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So now, I’ve started sending out my resume again, and when I don’t receive an acknowledgement of it, I don’t take it personally. I don’t think there must be something wrong with me that will prevent someone from even wanting to interview me for a position. I don’t start second-guessing myself and my valuable skills, or wonder if I made a mistake to leave the security of hospitality and guest services behind. Fortunately, I also have a connection with an employment placement agency to ease some of the insecurity.

I know, it’s the deep feeling of confidence in me and the passion I feel about my choice in wanting to change my career path that assures me – I haven’t made a mistake. I recognize that change and uncertainty are basic principles of gaining knowledge.

The paradox is that gaining knowledge takes time but gaining knowledge also happens in every second.

I really don’t know enough about a potential employer’s situation to allow myself to be negative or depressed after I’ve sent my resume off.  I don’t know if an internal candidate was chosen before all others, or if someone with more specific experience or education was chosen.  I don’t know if there was a lot of discussion about me, or if others thought I should be interviewed, or if, ultimately, the boss wanted someone else for reasons that have nothing to do with my own skills and experience. And besides, it’s a great, big world out there with plenty of other people with valued skills and knowledge. I just need to continue to have confidence and show my passion, continue to put it out there, and when given a chance – be thankful when that chance finally happens.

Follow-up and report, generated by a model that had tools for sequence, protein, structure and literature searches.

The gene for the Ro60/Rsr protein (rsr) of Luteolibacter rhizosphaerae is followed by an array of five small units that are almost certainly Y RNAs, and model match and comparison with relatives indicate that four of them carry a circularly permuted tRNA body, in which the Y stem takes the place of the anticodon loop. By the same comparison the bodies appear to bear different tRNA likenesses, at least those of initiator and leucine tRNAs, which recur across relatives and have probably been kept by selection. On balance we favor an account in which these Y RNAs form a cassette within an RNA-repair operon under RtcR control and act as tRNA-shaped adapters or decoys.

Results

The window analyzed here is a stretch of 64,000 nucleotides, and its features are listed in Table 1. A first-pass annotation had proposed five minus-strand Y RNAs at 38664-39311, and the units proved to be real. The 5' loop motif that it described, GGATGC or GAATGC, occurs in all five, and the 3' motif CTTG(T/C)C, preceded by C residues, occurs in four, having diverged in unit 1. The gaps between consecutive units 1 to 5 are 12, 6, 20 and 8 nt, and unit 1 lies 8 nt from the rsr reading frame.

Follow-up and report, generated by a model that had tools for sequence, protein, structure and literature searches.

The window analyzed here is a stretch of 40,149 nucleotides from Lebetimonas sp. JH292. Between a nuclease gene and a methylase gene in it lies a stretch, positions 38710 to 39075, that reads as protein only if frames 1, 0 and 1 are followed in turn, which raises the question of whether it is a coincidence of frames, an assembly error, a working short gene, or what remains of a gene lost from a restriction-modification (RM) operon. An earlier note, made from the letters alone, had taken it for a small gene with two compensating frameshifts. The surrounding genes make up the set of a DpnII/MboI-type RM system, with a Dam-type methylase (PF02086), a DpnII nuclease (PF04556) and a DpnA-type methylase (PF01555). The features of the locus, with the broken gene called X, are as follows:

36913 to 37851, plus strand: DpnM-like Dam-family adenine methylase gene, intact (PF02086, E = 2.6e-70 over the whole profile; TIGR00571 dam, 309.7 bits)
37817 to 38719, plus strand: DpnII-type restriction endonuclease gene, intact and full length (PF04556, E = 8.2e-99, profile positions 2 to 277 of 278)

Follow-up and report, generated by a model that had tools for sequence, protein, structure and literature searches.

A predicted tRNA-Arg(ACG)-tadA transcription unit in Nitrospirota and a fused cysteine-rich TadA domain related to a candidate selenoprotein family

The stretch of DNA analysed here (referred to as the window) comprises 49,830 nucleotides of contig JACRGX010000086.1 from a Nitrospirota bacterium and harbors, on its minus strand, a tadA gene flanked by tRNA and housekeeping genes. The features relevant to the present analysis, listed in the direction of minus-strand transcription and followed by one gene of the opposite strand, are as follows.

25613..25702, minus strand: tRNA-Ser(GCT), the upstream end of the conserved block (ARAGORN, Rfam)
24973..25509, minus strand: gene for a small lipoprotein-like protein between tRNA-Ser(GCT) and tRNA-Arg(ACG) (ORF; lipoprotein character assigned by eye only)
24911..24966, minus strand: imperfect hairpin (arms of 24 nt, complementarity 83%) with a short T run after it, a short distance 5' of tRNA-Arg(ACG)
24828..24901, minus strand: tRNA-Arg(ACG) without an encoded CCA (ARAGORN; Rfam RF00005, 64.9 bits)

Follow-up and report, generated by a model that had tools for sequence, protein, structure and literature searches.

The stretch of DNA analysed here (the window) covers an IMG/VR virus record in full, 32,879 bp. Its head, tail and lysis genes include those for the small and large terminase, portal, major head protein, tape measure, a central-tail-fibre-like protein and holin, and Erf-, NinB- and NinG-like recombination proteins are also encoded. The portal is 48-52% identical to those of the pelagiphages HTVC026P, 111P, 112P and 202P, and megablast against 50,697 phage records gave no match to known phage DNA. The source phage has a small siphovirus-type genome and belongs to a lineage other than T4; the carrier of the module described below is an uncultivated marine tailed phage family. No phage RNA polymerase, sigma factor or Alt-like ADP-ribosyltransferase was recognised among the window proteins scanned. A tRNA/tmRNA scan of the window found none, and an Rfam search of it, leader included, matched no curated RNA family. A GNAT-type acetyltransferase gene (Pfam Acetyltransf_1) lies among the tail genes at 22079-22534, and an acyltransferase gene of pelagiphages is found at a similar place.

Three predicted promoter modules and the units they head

crystal ball

I don’t believe in crystal balls to see into the future. I don’t know what lies ahead in a few weeks or months from now (perhaps I’ll write about it in a future blog to let you know) – but I do know there will be more change and uncertainty. I also know that had I not jumped into taking this temporary job – and changed my career path – I would not have had this chance to gain more knowledge that will make it possible for me to accept another longer-lasting position that’s much more suited to me and for me in the future.

We must recognize that we always face change and uncertainty and that our knowledge should never be scripted, for our knowledge scripts are always altered everyday. If we can relax and let life take its course, we can get much more out of life and living, and we can be optimistic enough to know that we can gain knowledge from change and uncertainty if we take a chance. As Dale Carnegie once said…

Take a chance! All life is a chance. The person who goes farthest is generally the one who is willing to do and dare.